My goal is to have you to feel safe and able not only in my home but in life. When you look in the mirror- see the truly wonderful person that I see as you to be. Know that no matter who you love, what you do, I am there to support your choices. From this day forth, know that I see you, I hear you and I love you. Know that although I don’t know you – that I do know you and am there for you. Think of me and read this letter when you are sad and unsure, when you are happy and triumphant.

Now please pass the potato latkes!

Love

Your Holiday Mom Sandi

 

Your Holiday Mom: Gail

gail pic

Click here to hear Gail read her letter to you!

My Dear Holiday Child,

Thank you for being the perfect Holiday gift to me this year!

I’m not a mom myself, but I love and cherish all children; my nieces and nephews, my friends’ children and my neighbor children. Some are grown up now with children of their own. I feel blessed whenever any person comes into my life.  All beings are special and worthy of love.  As are you.

There are times in everyone’s life when we feel we are different or not enough.  Well let me tell you, that you are just fine and you are enough.   I don’t ascribe to labels. Every person has feelings.  Every soul that has walked on this planet has felt emotion. Everyone loves.  It doesn’t matter to me if you are Gay, Lesbian, Bisexual, Transgendered, Queer or straight, a cat lover or a tuba player, you have the ability and right to love and to laugh.

Some people do have a little trouble letting go of biases from their upbringings. Our job is to just be ourselves and love them.  If you are missing your mom for whatever reason this holiday season, I want you to know that I care.  If we let go of our own fears and biases and just put love and joy out, the joy will reflect back to us.  Laughing is the way to a joyful heart.  So here is a story for the two of us. One I hope gives you a chuckle.

This is a story of what it was like growing up in a family of 9 around the Christmas Holiday. It centers on the Nativity Scene we always placed atop our piano.

Being obviously geographically challenged, the children rolled out the cotton “snow” across the piano top and placed numerous pine trees around the setting. It looked just like Montana, but perhaps not quite Bethlehem!  I, in my 8 yr old mind as a major scene designer and director, would often place one of my younger siblings’ stuffed toys under that snow to create mountains.  This would naturally illicit wails of protest and my Dad having to say, “Gail, give the elephant back to your sister, we don’t need mountains in Bethlehem”.  But one by one we ceremoniously unwrapped the precious little figurines and placed them just so at the manger. Now of course the Baby Jesus had to live in a tea cup high up in the china cabinet away from tiny hands until his arrival Christmas morning.

 My biggest joy was rearranging the figurines on a daily basis. Sheep would wander, Shepherds would trail after them.  The Kings would jostle for front position. Sometime Melchior would go hang out with the Shepherds because he and Casper were not getting along!  Mary, being the only almost mom there would have to send them in different directions until they could “speak to each other in a civil manner”.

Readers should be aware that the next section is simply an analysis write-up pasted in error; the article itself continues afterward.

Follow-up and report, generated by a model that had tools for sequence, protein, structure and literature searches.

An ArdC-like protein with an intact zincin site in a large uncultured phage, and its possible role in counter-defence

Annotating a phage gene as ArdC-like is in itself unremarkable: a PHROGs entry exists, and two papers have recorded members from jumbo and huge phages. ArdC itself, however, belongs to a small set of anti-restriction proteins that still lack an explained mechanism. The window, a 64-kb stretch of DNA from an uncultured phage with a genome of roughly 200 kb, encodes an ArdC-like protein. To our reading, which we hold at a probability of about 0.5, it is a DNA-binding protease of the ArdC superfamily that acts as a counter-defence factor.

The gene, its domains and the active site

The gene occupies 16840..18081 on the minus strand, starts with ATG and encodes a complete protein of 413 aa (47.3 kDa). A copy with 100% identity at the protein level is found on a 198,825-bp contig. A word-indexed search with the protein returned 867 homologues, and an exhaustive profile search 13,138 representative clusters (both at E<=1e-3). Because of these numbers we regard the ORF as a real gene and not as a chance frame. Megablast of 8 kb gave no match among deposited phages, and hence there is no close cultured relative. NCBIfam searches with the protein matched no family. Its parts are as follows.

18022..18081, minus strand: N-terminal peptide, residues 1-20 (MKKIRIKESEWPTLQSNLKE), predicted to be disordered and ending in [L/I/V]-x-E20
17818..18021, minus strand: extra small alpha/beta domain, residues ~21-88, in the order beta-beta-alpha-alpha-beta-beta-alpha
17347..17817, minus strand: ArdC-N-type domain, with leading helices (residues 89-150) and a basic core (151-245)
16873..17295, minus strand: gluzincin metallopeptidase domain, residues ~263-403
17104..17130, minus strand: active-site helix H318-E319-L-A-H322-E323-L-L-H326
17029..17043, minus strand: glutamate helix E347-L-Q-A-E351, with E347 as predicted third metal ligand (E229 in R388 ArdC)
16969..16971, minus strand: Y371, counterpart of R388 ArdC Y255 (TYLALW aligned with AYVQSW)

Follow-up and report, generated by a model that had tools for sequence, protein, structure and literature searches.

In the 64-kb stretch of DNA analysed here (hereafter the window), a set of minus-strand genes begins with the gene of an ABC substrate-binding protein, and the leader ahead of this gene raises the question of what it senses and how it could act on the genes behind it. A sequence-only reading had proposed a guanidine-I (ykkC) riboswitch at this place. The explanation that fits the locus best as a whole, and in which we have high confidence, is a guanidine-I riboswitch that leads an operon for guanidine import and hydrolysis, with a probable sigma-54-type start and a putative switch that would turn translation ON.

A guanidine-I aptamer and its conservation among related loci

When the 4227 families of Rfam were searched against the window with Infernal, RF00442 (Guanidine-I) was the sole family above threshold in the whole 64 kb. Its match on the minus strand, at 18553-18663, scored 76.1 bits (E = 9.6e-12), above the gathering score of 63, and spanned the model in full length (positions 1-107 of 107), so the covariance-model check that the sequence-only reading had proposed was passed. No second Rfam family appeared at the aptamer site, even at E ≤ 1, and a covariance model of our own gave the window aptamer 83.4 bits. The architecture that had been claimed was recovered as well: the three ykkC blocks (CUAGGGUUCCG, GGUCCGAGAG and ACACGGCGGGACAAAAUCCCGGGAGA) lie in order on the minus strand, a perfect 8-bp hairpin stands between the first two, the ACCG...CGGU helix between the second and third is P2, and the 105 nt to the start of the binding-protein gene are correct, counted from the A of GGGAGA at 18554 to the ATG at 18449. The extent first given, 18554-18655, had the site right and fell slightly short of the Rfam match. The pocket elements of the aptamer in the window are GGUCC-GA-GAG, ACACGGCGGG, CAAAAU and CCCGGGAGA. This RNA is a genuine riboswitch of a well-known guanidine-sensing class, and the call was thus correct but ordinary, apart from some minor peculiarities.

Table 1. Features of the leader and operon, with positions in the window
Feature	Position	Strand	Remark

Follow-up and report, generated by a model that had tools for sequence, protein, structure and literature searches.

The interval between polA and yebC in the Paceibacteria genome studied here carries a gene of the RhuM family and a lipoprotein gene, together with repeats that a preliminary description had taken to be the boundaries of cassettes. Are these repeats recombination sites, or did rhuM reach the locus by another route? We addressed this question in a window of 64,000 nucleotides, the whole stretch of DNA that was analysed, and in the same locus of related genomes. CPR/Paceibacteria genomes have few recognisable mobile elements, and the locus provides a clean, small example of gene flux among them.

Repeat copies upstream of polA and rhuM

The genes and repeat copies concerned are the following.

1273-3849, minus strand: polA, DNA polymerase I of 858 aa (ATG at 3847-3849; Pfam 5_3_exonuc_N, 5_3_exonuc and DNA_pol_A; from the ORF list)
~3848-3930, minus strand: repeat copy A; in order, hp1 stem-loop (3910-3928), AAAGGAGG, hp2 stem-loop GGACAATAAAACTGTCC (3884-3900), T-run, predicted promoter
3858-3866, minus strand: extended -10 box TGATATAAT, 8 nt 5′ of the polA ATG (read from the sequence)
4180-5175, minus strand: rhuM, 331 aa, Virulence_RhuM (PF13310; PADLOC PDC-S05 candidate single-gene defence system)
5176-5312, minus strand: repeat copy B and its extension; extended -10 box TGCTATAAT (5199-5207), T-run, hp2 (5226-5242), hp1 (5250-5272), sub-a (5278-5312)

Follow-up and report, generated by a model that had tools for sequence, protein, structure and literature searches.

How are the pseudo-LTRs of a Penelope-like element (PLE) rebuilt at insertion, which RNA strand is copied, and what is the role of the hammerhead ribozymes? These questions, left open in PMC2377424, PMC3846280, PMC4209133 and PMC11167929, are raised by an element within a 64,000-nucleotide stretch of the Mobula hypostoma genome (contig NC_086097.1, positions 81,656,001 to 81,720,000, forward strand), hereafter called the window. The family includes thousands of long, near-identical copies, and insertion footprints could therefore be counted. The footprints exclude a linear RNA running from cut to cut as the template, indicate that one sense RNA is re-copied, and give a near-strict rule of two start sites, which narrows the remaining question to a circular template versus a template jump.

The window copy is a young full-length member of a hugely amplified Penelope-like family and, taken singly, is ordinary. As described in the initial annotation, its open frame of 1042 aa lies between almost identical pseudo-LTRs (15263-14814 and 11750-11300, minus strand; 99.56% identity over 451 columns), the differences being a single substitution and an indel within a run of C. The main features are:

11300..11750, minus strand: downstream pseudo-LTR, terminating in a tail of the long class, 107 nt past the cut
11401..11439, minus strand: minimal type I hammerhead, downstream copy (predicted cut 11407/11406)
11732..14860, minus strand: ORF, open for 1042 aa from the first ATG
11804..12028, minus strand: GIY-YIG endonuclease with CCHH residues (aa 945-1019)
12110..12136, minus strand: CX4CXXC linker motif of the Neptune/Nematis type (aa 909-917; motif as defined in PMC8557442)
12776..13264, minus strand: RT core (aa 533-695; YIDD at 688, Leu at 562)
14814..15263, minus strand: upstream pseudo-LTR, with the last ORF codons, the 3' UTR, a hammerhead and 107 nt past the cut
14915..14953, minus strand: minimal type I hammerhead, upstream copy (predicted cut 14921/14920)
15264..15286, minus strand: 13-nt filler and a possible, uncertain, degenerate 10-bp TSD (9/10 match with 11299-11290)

Sometimes the figurines would be laying down with some pieces of fabric over them, resting.  People have to get their sleep you know!

One day, my father asked me what had happened to Mary. How he knew I was the cause of her mysterious disappearance, I’ll never know!  “Dad, Mary had to pee”, I replied in a forthright nature.  “She what?”, my Dad responded. “Well, she’s been sitting there for 4 days waiting to have a baby, Dad!  She had to go!”, I offered.  Hesitantly, and certainly worried about the answer, my father asked, “And where did she go?”  “Behind the pine tree Dad!”  I whispered with obvious indignation. “Look at all the boys!”  “Well, uh, put her back ok?”, his voice wearily responded. 

Later that day, my father would again come to me and ask just why was Mary now in a bowl of water inserted into the cotton snow?  “She had to wash her hands Dad! There’s no sink. She’s at the pond”.  Goodness gracious, how my father got to be a grown up man and that clueless was certainly beyond me!  Luckily at that point one brother was tormenting one sister and my dad had to go do policing duties and leave me alone in Montana, Bethlehem.

I think growing up with a lot of family and one bathroom made me a bit preoccupied with the call of nature. Pounding furiously on the bathroom door to get in was a common occurrence at our house.  So naturally I felt it proactive to get my brother’s Lincoln Logs and build a few more structures to that Nativity scene on the piano.  “Let me guess, my Dad wagered, outhouses?”  Well, finally my father the engineer was showing a modicum of intelligence!  “Yes, His and Hers”, I proudly exclaimed!   “But do Angels pee, Dad?”

Christmas Eve arrived and after our tradition of unwrapping one gift, which somehow always turned out to be new pajamas, my father bellowed from across the room, “Gail, where is the Baby Jesus?”  Now really, there were 7 other people who lived in that house, how did he KNOW I had taken it? His powers were truly super human.  “Dad, the baby was cold. He’s in the doll house bed.  God can’t sit in a tea cup you know!” , I said rather too forcefully. Thankfully, “Mmmmmm,” was the only answer to that one he had.

And the next morning when we awakened, Baby Jesus was rightfully in the manger by his mother’s side. Joseph was looking on proudly. The 3 Kings were getting along and presenting their gifts and all the Shepherds and animals had come by way of the blue Christmas light star above the manger. And the Angel smiled.